Mesut Ozil’s social media post about the political situation in Xinjiang has prompted an angry response from the Chinese authorities. The Arsenal footballer’s accusation that China is persecuting the predominantly Muslim Uyghur minority has been dismissed by Beijing as “fake news”. Meanwhile, a Gunners match was pulled from the state TV schedule and Chinese football fans have reportedly burned Arsenal shirts in protest at the player’s comments.

    Amnesty International has extensively documented the situation in Xinjiang over the past several years. We have interviewed more than 400 people outside of China whose relatives in Xinjiang are still missing, as well as individuals who said they were tortured while in detention camps there. We also collected satellite photos of the camps and analysed official Chinese documents that detail the mass-internment programme. This is what is really happening:

    October 28, 2019

    The past few months have seen a seemingly massive surge in protests globally. From the streets of Hong Kong to La Paz, Quito, Barcelona, Beirut and Santiago, we have witnessed a huge wave of people taking to the streets to exercise their right to protest and demand change from those in power.

    Sadly, a common thread throughout these protests has been an extremely harsh response from the state, which in many instances have amounted to gross violations of human rights.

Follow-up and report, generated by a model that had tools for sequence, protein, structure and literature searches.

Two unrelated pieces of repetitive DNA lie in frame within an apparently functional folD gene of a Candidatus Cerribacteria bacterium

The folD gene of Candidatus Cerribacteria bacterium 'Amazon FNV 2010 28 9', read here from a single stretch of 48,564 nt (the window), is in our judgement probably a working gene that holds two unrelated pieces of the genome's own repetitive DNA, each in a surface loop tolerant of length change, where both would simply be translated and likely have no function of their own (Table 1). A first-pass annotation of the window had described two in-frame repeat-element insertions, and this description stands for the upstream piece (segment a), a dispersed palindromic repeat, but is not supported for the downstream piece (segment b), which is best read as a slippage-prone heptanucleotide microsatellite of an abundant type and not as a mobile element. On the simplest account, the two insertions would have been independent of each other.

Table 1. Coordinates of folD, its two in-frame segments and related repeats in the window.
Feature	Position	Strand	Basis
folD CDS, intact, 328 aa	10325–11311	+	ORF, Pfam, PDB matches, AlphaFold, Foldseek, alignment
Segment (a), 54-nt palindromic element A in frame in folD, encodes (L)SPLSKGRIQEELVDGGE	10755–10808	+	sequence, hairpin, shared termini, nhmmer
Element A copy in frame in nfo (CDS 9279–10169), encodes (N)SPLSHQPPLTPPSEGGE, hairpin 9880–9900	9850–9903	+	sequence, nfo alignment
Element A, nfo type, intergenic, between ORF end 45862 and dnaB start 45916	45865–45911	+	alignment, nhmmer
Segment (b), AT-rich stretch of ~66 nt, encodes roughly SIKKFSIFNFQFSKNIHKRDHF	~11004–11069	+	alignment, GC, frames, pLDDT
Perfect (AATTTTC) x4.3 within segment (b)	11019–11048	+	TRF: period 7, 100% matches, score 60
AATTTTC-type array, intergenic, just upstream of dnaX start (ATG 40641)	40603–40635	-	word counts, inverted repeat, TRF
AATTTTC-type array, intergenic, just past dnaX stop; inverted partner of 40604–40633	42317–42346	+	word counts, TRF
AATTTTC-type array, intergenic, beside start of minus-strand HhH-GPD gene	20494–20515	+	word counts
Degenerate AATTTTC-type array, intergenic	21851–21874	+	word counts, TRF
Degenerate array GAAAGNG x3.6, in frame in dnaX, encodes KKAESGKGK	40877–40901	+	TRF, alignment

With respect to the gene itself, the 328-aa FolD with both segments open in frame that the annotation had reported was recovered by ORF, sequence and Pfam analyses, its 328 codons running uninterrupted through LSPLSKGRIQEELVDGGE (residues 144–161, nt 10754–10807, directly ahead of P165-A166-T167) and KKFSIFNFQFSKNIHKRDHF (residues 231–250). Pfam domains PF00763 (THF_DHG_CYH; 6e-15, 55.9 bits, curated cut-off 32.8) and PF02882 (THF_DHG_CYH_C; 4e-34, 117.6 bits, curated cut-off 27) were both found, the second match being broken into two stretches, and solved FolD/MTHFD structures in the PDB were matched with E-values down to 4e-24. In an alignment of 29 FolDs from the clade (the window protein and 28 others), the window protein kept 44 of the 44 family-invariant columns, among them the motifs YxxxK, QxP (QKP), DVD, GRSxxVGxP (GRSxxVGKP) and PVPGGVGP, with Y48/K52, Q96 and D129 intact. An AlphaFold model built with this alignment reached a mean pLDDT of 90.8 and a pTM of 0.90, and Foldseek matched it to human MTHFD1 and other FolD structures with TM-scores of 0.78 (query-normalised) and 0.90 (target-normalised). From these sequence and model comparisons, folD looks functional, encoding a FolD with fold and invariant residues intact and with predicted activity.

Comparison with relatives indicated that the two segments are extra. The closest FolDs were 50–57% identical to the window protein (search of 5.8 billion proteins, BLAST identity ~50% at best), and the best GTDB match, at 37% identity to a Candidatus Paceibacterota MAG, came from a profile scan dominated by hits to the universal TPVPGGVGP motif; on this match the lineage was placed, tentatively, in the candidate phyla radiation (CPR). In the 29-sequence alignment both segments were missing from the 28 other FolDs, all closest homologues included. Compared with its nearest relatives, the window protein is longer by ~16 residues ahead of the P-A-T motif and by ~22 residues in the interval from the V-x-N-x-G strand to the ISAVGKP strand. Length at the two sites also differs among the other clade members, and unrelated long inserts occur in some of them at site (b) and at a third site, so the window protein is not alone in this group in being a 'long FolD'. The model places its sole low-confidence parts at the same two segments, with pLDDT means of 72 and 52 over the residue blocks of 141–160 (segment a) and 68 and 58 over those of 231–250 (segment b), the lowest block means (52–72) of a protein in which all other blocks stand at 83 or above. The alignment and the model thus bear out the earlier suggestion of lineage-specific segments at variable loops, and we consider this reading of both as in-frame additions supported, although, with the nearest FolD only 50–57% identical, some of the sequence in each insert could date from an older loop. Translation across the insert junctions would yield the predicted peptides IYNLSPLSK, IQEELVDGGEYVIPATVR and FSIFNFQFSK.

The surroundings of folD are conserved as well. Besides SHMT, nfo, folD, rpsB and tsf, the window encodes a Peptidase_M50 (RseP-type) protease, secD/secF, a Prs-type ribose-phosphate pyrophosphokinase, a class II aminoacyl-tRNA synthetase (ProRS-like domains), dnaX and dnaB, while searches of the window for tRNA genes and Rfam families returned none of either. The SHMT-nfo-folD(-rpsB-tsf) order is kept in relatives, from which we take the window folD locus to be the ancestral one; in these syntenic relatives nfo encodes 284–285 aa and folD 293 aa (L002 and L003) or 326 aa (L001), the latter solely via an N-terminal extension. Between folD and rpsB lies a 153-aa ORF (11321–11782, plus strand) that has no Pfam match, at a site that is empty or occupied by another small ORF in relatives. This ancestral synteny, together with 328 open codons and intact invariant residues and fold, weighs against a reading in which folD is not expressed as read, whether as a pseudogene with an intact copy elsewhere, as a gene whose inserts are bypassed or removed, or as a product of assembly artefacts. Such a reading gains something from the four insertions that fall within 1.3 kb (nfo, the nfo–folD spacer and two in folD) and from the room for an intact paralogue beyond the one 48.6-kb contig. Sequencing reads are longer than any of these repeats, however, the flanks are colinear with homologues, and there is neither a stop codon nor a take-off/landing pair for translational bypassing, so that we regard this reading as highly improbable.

June 12, 2019

    In response to the use of force against largely peaceful protestors by Hong Kong police, who used tear gas, guns firing bean bags and rubber bullets, batons and pepper spray to disperse a demonstration against the extradition bill in central Hong Kong on Wednesday, Man-Kei Tam, Director of Amnesty International Hong Kong, commented:

    “The ugly scenes of police using tear gas and pepper spray against overwhelmingly peaceful protesters is a violation of international law. Police have a duty to maintain public order, but in doing so they may use force only when strictly necessary. Hong Kong’s police have today failed to live up to this standard.

    “The police have taken advantage of the violent acts of a small minority as a pretext to use excessive force against the vast majority of peaceful protesters.

    “Tear gas and projectiles like rubber bullets are notoriously inaccurate and indiscriminate and can result in serious injury and even death. They should only ever be used in a targeted response to specific acts of violence and never to disperse peaceful protesters.

    June 12, 2019

    Responding to the arbitrary arrests of over 400 people in Moscow who were peacefully protesting the treatment of journalist Ivan Golunov, Denis Krivosheev, Deputy Director of Amnesty International’s Eastern Europe and Central Asia Office, said: